DEV Community

Cover image for Initialize, Populate, and Post Your Git Repo to GitHub in a Single Step
Cary Miller
Cary Miller

Posted on

Initialize, Populate, and Post Your Git Repo to GitHub in a Single Step

I don't know about you, but I'm a bit obsessed with saving time... in fact, I'm pretty sure I put more energy into saving time than I do working on my code (oh man, that's a discussion for another day.)

Anyway, I like having my code up on GitHub, but I get annoyed that I have to break away from the IDE or terminal to do it—navigating a browser can just feel so SLOOOOW.

So I threw together this simple function that makes it fast and easy to get a project up on GitHub, and I thought I'd share it. Once you have it set-up, it's literally a one-step deal.

Other than git, a GitHub account, and a bash terminal, the only real dependency here is hub, the excellent git command line tool.

I work on a Mac, so I installed hub via homebrew$ brew install hub—but you can peruse their GitHub page for more installation options.

Once you've got hub installed and working, you should be able to drop something like the following code into your .bash_profile (making sure to replace the paths with ones relevant to your own development environment,) and use it to build a new repo in just one step.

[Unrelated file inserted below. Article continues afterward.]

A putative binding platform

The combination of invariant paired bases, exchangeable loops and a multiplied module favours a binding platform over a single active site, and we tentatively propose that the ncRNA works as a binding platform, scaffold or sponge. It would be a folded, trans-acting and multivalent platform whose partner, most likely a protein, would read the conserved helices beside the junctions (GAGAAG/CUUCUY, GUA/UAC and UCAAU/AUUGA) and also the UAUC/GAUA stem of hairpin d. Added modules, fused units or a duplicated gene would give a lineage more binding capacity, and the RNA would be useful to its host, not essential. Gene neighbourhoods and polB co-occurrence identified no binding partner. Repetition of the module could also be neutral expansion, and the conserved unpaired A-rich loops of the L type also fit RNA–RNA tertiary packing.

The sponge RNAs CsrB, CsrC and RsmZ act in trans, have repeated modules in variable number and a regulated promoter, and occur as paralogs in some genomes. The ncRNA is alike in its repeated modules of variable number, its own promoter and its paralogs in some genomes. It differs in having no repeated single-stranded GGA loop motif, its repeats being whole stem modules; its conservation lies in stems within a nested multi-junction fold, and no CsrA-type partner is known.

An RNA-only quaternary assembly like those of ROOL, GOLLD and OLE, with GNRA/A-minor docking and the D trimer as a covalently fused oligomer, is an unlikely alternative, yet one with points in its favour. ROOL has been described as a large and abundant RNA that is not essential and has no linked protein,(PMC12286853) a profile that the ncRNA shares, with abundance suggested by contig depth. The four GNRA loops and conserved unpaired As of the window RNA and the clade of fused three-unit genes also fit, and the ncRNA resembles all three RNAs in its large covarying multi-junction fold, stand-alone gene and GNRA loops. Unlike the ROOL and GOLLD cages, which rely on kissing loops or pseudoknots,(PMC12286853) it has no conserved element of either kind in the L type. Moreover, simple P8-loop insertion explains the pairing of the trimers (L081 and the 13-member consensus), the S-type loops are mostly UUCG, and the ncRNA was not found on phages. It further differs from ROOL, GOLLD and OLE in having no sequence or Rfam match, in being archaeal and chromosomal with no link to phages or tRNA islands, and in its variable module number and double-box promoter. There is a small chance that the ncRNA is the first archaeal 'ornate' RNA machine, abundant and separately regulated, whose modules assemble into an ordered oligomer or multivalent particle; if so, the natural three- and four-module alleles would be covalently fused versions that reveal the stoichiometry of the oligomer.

The function below automatically creates a folder in my local Repos/ directory, initializes a repository inside of it, populates the repo with default README, LICENSE, and .gitignore files, and then goes on to create a remote GitHub repo, track it, and push a first commit. It finishes up by opening my browser to the GitHub repo so I can verify everything and add a description if I like... All from a single click. :)

function mkpub {
    printf "What would you like to name your repository? "
    read name
    #Replace with a local path to your repos
    cd '/CMiller/Dev/Repos/'
    mkdir $name
    cd $name
    git init
    #Replace with local paths to any default files you'd like to include
    #Note: the -f flag forces overwrite; use -i for interactivity if you prefer
    cp -f '/CMiller/Dropbox/Dev/GitInit/Public/' .
    cp -f '/CMiller/Dropbox/Dev/GitInit/Public/LICENSE' .
    cp -f '/CMiller/Dropbox/Dev/GitInit/.gitignore' .
    hub create
    git add .
    git commit -m "First commit: add README, LICENSE, and .gitignore."
    git push -u origin master
    hub browse
Enter fullscreen mode Exit fullscreen mode

Lastly, to create a function for making private repos instead of public ones, simply add a '-p' flag to the 'hub create' line above—hub create -p.

I hope you find this useful.

Thanks for stopping by!

Top comments (2)

agc93 profile image
Alistair Chapman

Nice post!

If you're willing to also depend on curl you could replace your local copy of .gitignore using GitHub's repo, so something like the following:

STACK="Scala" # as an example
curl$STACK.gitignore -o .gitignore

For npm lovers, there's also utilities to download gitignore files and license files

ben profile image
Ben Halpern

Thanks, super useful!